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NCUA Board Reduces Stabilization Fund Oversight Budget by 20 Percent

Board Action Bulletin

Fidelity Bond Deductible Increase and Credit Ratings Removal Also Approved 

ALEXANDRIA, Va. (Dec. 6, 2012) – The National Credit Union Administration (NCUA) Board convened its eighth and final scheduled open meeting of 2012 at the agency’s headquarters here today. The Board unanimously approved five items:
 
  • A 2013 budget for oversight of the Temporary Corporate Credit Union Stabilization Fund (Stabilization Fund) cutting expenses by 20 percent and maintaining staff at current levels.
  • A final rule to enhance the flexibility of certain federal credit unions to maintain higher fidelity bond deductibles.
  • A final rule, as required by the Dodd-Frank Wall Street Reform and Consumer Protection Act, replacing the use of credit ratings with alternative standards to assess the creditworthiness of securities and money-market instruments.
  • An application for a conversion to a community charter for The Atlantic Federal Credit Union to serve Union and Essex counties in New Jersey.
  • An application for a conversion to a community charter for The Focus Federal Credit Union to serve the seven counties in the Oklahoma City, Okla., metropolitan area.
Stabilization Fund Oversight Budget Cuts Spending
The Board approved a $6,145,000 budget for oversight of the Stabilization Fund and related activities in 2013. The 2013 budget is 20 percent lower than the 2012 budget and contains no net change in staffing.
 
“The credit union system has regained its stability since the failure of five corporate credit unions in 2009 and 2010, as a result of NCUA’s actions and the decisions of credit unions,” NCUA Board Chairman Debbie Matz said. “We will continue to exercise the same prudent management of the Stabilization Fund that brought us this far.”
 
The Stabilization Fund 2013 budget represents less than 0.02 percent of the failed corporate credit unions’ legacy assets. The budget covers the activities of the NCUA Guaranteed Notes Securities Management and Oversight Committee, as well as expenses incurred by other NCUA offices in support of the Corporate Resolution Plan. Those costs include retaining the services of external valuation experts, tax consultants, financial specialists, attorneys and accountants.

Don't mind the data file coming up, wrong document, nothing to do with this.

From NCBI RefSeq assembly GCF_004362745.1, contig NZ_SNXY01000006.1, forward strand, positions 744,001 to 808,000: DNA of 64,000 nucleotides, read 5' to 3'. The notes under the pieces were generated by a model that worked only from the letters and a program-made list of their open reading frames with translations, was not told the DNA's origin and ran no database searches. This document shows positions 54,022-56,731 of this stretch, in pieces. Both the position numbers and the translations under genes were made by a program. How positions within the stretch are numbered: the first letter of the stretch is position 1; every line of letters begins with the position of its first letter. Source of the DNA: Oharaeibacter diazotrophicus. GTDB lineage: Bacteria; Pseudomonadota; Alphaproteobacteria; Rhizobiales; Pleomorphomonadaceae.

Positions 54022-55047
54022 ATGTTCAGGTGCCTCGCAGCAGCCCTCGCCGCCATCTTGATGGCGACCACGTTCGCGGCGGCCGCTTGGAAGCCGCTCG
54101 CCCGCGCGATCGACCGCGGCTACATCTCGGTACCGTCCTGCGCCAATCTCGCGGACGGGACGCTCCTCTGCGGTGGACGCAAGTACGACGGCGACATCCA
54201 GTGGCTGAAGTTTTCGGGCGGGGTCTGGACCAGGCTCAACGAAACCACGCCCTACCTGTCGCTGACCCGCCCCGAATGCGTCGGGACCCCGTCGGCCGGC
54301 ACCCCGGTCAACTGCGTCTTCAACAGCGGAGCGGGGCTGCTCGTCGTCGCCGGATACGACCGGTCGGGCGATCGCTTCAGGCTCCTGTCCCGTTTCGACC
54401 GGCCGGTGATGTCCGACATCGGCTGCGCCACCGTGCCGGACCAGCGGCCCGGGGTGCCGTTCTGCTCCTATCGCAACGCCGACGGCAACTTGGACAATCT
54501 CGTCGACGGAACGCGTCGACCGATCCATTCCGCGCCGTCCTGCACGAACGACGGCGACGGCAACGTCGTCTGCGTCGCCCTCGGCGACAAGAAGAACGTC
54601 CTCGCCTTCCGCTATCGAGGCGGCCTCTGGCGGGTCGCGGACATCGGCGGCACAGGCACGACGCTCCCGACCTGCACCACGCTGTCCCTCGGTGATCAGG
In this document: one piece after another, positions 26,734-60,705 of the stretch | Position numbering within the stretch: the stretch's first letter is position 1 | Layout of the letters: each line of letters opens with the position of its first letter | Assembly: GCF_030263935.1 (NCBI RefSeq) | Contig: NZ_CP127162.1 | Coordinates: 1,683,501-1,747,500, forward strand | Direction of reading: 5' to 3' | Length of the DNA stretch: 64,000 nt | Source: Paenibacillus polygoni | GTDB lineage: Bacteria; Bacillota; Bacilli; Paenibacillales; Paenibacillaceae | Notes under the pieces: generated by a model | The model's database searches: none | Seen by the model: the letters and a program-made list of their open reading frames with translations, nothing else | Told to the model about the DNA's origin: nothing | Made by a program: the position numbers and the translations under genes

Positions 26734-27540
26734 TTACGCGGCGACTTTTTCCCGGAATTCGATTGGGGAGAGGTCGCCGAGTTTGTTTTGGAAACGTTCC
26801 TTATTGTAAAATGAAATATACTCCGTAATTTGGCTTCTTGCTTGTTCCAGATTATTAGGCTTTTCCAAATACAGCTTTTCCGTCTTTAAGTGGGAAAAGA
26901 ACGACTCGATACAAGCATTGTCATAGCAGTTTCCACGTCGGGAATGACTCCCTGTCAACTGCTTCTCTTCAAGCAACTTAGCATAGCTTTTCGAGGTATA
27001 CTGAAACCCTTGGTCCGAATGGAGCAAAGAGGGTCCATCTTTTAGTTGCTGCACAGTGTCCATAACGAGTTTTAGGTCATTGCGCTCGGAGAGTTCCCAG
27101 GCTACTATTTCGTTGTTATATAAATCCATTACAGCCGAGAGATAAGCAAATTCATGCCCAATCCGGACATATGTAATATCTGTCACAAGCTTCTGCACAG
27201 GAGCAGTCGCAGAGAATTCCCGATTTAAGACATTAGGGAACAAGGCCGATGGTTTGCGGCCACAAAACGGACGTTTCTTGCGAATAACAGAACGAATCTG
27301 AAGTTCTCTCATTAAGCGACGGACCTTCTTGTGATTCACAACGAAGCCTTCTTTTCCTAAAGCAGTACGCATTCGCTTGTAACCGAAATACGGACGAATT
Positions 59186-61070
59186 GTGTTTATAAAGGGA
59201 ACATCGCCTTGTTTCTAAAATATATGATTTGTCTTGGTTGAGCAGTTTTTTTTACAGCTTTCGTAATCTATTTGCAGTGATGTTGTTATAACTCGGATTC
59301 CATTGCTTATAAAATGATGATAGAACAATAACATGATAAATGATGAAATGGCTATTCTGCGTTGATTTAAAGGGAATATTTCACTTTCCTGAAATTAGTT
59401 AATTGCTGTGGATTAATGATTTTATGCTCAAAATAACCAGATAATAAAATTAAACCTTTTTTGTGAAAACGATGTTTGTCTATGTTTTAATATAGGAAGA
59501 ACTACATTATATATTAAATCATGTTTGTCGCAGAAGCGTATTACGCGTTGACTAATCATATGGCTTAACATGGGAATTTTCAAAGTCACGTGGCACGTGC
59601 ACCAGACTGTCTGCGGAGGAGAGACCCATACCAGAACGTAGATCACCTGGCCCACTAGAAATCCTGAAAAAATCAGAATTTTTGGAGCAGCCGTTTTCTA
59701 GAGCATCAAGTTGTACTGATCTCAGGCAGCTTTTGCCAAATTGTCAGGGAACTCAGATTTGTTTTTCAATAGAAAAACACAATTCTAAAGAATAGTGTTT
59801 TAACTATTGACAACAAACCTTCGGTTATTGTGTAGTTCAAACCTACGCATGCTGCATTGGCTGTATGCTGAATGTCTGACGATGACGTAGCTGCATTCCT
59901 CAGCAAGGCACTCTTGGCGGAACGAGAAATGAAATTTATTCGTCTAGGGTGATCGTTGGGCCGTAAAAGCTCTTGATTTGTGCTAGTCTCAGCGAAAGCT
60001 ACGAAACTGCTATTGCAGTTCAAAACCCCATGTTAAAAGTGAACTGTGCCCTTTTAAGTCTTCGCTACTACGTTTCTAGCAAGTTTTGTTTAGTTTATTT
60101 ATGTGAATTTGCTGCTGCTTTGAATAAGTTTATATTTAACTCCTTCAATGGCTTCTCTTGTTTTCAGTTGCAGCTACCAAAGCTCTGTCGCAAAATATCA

The Stabilization Fund budget has no impact on NCUA’s 2013 Operating Fund budget, which was unanimously approved at the Nov. 15 open Board meeting.
 
Final Rule Permits Increased Fidelity Bond Deductibles
The Board adopted a final rule (Part 713) permitting certain federal credit unions to increase their fidelity bond deductibles. NCUA has had an identical interim final rule for fidelity bonds in place since May. The final rule is effective immediately.
 
“As part of my Regulatory Modernization Initiative, the Board finalized a rule earlier this year that removed unnecessary regulatory hoops and expanded access to RegFlex activities for all federal credit unions,” Chairman Matz said. “The rule complied with the intent of President Obama’s Executive Order 13579 that asked independent agencies like NCUA to modify, streamline, expand, or repeal regulations to provide relief from unnecessary burdens. The final rule on fidelity bonds completes the process of allowing credit unions to participate in the activities previously permitted by the RegFlex program.”
 
The final rule grants certain federal credit unions with assets in excess of $1 million the ability to increase their fidelity bond deductible to a maximum of $1 million. An eligible credit union must have a composite CAMEL code 1 or 2 rating during its last two examinations. Additionally, for the immediately preceding six quarters, eligible credit unions must either maintain a well-capitalized net worth classification or have remained well-capitalized after applying the applicable risk-based net worth requirement.